Furthermore, these systems may be insufficient during extreme heat waves. During one stretch in 2017, temperatures in the Central Valley of California reached highs above 90 degrees Fahrenheit for 53 days in a row. Extended hot spells like this increase the instances of heat stress in dairy cattle.

Other Ways to Cool With Water

Our study is comparing four different systems for cooling cows. Two of them utilize evaporative cooling processes, which take advantage of the fact that when water changes from a liquid to a gas, it absorbs a lot of heat. This process produces cooler, more humid air, but can also be used to cool liquid water.

Our first cooling technology uses mats buried approximately 4 inches underneath the sand bedding where cows lie down. Water flows through the mats and absorbs heat from the cows through conduction. The heated water then flows to a device called a Sub-Wet Bulb Evaporative Chiller, where it is cooled using a high-efficiency evaporative cooling process and returned to the mats to absorb more heat from the cows. Because the chiller produces cool water using evaporation, it is ideally suited for hot and dry climates like California.

The second technology uses targeted direct evaporative cooling, sometimes referred to as a “swamp cooler,” and fabric ducts to blow cool air on the cows in the areas where cows eat and rest. Swamp coolers are simple systems that work by passing hot, dry air over water to cool it down.

For comparison, we also are testing two cooling systems that use traditional spray water and fans, similar to current technology on most California dairy farms. However, with one system we are working to reduce water use and improve cooling by moving the fan closer to the spray water to promote evaporation from cows’ bodies. As water evaporates off of the cows, it takes heat with it. To conserve water, we also are testing spraying the water for a shorter period of time.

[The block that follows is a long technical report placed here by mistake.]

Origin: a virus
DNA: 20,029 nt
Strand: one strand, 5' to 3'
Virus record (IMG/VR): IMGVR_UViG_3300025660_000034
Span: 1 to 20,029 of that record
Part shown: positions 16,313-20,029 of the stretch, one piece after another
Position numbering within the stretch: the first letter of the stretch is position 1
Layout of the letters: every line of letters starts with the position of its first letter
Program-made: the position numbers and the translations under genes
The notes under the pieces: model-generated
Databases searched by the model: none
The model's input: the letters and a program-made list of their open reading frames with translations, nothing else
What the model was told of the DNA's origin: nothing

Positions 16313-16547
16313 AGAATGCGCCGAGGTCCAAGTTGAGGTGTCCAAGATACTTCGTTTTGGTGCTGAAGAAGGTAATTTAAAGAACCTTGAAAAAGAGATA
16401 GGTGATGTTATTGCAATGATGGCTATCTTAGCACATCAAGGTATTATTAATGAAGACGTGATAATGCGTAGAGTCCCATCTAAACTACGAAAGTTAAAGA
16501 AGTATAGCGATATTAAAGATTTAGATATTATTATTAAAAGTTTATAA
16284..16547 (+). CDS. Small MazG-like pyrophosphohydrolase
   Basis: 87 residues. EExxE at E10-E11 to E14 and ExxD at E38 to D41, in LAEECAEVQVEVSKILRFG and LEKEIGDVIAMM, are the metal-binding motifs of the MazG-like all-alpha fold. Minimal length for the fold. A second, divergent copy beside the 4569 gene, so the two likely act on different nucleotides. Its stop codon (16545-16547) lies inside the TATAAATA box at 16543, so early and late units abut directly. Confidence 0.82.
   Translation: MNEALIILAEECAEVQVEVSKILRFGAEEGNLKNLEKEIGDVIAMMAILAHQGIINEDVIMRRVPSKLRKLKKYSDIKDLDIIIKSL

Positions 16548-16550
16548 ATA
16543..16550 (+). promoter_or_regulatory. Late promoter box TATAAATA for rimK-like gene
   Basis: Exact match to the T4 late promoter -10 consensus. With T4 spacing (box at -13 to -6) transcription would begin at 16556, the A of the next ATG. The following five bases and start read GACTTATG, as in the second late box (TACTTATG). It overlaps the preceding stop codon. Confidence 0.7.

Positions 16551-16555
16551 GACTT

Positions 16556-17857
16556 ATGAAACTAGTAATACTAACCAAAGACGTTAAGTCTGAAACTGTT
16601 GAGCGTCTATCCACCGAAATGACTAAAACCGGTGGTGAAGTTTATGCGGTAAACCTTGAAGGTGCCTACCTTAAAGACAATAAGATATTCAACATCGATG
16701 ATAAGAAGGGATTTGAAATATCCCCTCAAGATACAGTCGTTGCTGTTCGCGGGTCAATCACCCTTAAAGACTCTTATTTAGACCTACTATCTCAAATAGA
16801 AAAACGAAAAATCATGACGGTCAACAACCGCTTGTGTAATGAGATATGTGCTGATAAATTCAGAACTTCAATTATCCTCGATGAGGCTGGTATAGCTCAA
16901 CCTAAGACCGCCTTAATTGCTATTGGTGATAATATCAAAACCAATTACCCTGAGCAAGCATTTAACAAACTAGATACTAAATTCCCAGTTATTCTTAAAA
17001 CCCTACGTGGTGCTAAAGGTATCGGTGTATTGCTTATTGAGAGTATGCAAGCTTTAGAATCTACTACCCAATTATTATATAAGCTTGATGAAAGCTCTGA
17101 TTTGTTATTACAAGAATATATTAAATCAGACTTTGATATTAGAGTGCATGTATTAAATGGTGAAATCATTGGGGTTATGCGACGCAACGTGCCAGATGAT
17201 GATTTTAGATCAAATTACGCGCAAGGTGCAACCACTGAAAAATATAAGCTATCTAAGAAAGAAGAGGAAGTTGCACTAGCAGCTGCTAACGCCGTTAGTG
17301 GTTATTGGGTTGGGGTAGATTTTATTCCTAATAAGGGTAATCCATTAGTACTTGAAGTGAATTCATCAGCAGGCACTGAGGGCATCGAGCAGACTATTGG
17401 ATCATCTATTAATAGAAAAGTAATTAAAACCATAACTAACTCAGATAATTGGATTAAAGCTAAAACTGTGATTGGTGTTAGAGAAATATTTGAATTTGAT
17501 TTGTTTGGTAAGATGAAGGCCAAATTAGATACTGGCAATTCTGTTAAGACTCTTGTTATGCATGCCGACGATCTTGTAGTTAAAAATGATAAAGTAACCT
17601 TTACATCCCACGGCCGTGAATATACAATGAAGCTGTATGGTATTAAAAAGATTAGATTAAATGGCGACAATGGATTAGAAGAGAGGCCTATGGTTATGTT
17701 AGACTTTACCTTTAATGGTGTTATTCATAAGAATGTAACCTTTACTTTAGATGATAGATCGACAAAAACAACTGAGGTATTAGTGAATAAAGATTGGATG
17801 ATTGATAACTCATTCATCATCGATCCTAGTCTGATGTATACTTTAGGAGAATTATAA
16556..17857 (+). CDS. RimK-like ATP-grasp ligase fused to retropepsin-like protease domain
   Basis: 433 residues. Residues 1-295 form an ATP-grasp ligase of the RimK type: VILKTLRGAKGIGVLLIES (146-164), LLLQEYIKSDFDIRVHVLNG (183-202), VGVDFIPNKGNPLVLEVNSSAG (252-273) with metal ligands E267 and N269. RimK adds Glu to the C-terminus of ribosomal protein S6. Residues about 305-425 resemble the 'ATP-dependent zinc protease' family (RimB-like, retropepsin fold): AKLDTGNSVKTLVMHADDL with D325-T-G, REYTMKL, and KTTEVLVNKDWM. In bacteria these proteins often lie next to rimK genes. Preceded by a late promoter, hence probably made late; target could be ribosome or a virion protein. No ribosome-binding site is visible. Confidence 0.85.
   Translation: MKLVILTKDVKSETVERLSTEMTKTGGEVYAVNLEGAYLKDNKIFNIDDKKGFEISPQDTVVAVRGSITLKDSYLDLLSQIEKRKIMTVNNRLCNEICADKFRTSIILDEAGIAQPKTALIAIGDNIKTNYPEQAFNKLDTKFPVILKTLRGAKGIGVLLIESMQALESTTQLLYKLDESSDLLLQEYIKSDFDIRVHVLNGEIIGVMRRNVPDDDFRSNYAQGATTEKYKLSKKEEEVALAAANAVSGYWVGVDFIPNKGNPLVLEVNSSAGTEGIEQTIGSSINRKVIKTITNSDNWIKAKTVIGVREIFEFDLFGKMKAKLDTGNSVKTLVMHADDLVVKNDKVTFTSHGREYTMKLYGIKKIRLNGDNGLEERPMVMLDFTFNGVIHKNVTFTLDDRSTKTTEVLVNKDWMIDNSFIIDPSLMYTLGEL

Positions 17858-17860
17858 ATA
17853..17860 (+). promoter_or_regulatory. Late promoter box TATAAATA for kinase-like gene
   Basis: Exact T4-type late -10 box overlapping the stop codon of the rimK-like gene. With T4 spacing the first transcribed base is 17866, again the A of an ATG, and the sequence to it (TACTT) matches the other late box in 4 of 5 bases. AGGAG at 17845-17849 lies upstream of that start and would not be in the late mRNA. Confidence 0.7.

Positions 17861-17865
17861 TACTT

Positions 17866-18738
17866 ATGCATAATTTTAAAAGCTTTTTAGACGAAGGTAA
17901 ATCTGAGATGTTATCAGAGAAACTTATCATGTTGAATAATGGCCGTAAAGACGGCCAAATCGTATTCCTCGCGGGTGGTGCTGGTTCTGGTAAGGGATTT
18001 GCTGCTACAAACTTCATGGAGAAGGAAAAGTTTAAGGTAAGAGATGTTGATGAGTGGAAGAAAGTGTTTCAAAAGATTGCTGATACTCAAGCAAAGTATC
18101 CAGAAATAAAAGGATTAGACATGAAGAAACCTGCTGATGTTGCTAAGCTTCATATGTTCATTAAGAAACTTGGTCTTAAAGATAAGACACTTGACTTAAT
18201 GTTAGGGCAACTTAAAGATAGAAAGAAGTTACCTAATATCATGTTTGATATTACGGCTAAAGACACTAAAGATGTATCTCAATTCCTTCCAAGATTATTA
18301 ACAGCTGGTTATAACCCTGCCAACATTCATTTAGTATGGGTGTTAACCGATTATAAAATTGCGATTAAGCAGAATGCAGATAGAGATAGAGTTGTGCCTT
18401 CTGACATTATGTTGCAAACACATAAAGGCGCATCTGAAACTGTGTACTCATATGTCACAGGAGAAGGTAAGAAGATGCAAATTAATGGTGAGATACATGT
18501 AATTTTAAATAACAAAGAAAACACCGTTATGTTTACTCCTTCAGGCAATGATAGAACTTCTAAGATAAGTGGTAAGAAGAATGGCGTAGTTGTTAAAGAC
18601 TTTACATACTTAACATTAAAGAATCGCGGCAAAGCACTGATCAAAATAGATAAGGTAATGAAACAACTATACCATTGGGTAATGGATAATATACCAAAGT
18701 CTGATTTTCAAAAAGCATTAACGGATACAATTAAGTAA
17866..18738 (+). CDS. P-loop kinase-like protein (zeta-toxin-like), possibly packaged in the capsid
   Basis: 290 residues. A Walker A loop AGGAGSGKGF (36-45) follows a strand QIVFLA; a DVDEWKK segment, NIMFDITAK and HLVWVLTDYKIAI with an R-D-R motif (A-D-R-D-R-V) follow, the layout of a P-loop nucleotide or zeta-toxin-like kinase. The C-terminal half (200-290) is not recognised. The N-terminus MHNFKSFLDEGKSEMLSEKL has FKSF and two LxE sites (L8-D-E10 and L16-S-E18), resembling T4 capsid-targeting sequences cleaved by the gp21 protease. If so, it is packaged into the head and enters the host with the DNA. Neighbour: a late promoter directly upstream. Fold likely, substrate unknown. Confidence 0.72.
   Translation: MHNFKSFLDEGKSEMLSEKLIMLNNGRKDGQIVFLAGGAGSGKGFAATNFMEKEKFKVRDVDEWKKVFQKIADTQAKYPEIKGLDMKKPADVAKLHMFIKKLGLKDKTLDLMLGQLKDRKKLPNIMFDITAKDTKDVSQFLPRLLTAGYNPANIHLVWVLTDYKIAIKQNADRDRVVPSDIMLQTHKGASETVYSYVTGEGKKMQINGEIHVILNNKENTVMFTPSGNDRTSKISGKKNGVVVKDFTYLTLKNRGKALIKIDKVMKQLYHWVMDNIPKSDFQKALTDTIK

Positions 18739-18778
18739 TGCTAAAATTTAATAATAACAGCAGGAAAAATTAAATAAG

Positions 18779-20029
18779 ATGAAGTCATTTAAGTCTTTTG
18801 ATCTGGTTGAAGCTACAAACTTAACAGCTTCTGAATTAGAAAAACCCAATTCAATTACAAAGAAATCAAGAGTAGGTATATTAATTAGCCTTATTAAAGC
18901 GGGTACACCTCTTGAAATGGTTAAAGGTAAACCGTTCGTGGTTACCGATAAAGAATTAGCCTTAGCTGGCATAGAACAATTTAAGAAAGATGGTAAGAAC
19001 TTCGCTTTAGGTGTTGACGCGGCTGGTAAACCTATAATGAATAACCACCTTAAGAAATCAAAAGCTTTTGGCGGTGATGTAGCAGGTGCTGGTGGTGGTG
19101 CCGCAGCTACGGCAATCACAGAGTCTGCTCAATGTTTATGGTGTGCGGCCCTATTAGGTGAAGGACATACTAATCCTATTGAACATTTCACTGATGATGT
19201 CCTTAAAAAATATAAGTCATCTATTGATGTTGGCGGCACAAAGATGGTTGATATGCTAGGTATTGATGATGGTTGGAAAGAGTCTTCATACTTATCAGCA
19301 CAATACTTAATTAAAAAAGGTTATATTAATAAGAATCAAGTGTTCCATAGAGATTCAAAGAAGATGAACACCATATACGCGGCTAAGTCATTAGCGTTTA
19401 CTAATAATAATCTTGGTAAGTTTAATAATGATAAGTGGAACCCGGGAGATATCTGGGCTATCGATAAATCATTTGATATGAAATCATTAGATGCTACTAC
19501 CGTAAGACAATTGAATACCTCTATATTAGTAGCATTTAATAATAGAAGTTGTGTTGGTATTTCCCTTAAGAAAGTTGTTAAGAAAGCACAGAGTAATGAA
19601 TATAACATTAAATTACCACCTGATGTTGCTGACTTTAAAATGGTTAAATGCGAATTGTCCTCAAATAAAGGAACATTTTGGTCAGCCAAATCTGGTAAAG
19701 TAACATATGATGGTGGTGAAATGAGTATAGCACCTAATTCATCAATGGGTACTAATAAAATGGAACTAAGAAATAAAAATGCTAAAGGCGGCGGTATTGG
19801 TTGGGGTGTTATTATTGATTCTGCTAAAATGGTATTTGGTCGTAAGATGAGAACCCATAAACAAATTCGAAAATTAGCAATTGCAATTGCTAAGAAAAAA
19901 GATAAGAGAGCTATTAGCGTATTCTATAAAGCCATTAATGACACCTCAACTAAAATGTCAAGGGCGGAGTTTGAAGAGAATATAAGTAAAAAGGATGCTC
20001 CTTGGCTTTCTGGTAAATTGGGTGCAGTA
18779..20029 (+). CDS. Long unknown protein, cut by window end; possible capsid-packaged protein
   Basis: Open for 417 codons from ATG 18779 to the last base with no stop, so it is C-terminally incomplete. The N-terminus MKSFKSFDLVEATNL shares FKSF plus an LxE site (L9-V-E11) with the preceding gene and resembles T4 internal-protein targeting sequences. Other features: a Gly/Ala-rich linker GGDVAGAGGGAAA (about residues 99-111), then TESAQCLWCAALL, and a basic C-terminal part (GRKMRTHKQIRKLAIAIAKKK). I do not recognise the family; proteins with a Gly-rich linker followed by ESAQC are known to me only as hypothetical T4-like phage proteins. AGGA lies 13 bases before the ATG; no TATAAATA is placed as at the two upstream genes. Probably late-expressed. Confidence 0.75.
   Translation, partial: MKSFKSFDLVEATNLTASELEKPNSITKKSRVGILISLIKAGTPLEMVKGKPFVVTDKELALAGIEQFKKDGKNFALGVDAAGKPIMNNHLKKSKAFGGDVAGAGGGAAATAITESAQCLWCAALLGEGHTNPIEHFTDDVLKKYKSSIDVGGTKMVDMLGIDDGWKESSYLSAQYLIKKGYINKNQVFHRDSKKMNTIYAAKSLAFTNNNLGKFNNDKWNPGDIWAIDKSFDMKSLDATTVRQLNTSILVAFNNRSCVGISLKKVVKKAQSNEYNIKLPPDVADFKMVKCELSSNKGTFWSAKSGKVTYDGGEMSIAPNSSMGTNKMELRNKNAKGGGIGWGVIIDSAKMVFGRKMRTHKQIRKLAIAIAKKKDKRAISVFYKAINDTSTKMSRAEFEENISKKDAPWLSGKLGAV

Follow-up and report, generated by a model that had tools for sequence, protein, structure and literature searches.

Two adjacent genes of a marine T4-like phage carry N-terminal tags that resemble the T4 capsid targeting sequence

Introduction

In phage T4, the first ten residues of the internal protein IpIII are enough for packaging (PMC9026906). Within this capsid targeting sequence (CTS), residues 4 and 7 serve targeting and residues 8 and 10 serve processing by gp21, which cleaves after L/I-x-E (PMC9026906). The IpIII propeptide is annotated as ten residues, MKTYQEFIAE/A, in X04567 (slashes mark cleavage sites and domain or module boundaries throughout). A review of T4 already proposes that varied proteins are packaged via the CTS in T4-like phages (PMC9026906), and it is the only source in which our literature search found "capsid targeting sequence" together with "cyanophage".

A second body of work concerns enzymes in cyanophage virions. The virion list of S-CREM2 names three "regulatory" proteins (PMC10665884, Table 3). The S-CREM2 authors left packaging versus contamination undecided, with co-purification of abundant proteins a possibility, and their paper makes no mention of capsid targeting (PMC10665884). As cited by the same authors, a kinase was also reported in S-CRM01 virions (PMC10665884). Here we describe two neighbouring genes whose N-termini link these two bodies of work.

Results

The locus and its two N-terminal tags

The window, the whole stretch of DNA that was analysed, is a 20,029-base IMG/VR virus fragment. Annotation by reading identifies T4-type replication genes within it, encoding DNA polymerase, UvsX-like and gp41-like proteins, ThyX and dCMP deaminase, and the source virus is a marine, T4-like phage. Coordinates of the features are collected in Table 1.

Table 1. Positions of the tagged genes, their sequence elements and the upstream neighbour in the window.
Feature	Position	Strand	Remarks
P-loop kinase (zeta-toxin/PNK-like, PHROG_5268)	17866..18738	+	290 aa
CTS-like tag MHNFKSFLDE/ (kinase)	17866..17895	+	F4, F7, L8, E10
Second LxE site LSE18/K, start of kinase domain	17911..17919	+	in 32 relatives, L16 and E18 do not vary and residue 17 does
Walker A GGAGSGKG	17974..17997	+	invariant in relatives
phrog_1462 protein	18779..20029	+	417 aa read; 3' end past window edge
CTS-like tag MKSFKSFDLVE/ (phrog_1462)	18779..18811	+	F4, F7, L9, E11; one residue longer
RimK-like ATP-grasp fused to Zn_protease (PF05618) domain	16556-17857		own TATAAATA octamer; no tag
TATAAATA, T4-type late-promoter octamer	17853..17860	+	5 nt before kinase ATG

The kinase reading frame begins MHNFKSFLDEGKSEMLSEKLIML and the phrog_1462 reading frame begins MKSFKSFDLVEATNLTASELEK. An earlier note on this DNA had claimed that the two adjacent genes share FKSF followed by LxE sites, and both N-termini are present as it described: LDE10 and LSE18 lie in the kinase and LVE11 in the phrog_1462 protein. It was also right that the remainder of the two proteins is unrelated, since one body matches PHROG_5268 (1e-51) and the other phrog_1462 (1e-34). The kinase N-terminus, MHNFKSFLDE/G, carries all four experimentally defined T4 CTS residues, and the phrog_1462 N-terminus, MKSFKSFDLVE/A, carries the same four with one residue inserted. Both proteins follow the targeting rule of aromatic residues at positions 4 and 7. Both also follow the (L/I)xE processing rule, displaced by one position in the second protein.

Options for cooling cows using water-filled mats (A) or air blown through fabric ducts (B).

Paul Fortunato, CC BY-ND

During our first test phase, we tested all four treatments on 32 cows at UC Davis and collected data on their respiration rates, body temperature, milk yield, and behavior, as well as weather, water use, and energy use. Data analysis is underway. We anticipate that we will identify at least one option that will cool cows as effectively as current options, but will also save water, energy, or both. Next summer we will test the most effective and efficient technology against the traditional spray and fan approach on a Central Valley dairy farm.

Finding better ways to keep dairy cows cool is a high priority for this industry, as well as for cows’ welfare. We hope our findings can help California dairies improve their productivity and keep cows safe and cool, while helping California meet its energy and climate goals.

This article was originally published on The Conversation by Alycia Drwencke; Cassandra Tucker; and Theresa Pistochini. Read the original article here.